Both budgets propose nearly $289 billion from total funds and $130.1 billion in general revenue, some $50 billion short of the $188.2 billion that the state has available to appropriate over the next cycle, including a $32.7 billion surplus.
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Among the proposed spending are increases to funding for women’s health and nursing programs. The House budget bill proposes $547.2 million for women’s health, including $22 million to support the Alternatives to Abortion program and other maternal assistance.
The legislature will consider several measures that address maternal, reproductive, and mental health this session, including bills aimed at extending postpartum Medicaid eligibility for mothers from the current 6 months to at least 12 months.
Meanwhile, House Bill 214 would reestablish the Women’s Health Advisory Committee (WHAC) to provide policy recommendations to the state commission on women’s health for programs like Healthy Texas Women.
Bill sponsor Rep. Donna Howard (D – Austin) told State of Reform ahead of the session that her legislative priorities were focused on supporting Texas women around the abortion ban and the nursing workforce.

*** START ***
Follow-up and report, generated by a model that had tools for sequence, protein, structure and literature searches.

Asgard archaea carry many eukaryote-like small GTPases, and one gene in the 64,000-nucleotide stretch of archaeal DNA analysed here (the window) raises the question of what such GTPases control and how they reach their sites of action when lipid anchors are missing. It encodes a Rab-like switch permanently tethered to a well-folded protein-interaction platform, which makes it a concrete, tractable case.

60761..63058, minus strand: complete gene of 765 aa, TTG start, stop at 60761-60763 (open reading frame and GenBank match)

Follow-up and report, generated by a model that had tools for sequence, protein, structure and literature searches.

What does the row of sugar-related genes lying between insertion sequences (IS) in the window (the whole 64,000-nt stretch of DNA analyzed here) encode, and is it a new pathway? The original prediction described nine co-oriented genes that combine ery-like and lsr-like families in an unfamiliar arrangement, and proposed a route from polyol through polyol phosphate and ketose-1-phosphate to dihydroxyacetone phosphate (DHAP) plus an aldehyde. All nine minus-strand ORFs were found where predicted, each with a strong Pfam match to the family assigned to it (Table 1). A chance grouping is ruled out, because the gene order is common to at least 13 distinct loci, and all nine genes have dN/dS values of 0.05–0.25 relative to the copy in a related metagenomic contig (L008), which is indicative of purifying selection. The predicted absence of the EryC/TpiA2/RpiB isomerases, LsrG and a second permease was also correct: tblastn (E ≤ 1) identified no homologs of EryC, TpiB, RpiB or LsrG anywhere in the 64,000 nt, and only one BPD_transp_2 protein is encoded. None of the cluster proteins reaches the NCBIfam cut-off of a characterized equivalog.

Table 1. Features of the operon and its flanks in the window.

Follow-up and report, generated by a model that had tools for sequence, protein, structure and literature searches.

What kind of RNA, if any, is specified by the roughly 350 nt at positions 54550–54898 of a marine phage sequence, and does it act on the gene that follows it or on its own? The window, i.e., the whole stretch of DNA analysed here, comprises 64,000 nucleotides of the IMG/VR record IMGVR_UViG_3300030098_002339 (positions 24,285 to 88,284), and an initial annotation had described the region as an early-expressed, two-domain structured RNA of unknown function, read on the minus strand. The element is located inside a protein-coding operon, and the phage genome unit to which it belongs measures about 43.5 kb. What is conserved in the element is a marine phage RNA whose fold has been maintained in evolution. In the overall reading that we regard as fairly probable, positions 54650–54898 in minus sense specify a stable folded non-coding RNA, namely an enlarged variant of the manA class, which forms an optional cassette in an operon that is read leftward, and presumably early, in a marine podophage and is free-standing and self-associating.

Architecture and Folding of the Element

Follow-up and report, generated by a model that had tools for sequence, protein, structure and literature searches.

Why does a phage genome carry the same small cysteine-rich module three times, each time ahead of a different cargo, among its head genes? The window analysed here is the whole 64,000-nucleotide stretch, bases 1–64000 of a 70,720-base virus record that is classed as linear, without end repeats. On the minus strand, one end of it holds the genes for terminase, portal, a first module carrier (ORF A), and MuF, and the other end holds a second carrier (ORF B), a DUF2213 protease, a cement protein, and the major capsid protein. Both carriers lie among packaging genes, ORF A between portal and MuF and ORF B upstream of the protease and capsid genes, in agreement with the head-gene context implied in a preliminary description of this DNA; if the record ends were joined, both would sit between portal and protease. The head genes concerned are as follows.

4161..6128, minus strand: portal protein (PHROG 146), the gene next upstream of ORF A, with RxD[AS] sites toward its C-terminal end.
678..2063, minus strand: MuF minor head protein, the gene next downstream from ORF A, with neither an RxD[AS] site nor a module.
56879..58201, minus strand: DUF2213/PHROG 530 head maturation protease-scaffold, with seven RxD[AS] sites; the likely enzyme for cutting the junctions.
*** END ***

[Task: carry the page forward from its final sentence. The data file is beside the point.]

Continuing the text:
“So we are proposing again that [WHAC] be reestablished in order to provide the necessary feedback to the agency so that we can actually meet the needs of moms and babies in our state, which is what probably every legislator will tell you that they support, especially those who claim to be pro life,” Howard said. “We need to be there protecting the lives of these moms, especially those that we’re now going to be forcing to carry their pregnancies.”
Howard is also sponsoring legislation to support nurses in the state with a proposal addressing workplace violence.
The preliminary budgets also outlined increased funding for the Nursing Shortage Reduction Program and the Nursing Faculty Loan Repayment Program (NFLRP) to $46.8 million and $7 million, respectively. Both programs aim to improve the numbers of licensed nursing professionals in the state.
The Texas Nurses Association (TNA) praised lawmakers after the budgets were announced.
“We are pleased to see the sums allocated to nursing education and we appreciate House and Senate leaders who are clearly making nursing a priority this session,” said Serena Bumpus, CEO of TNA. “The NFLRP is an essential tool for addressing the state’s nursing faculty shortage. The Legislature’s investment in this program will help remove a significant bottleneck in the number of qualified applicants our schools of nursing can admit per semester.”
Estimates place the shortage of certified nurse aides (CNA) who are federally required at long-term care facilities at 10,000. State Republican leadership has introduced HB 104 and Senate Bill 244, which would repay student loans for nurses in long-term care facilities and post-secondary education for nursing faculty, respectively.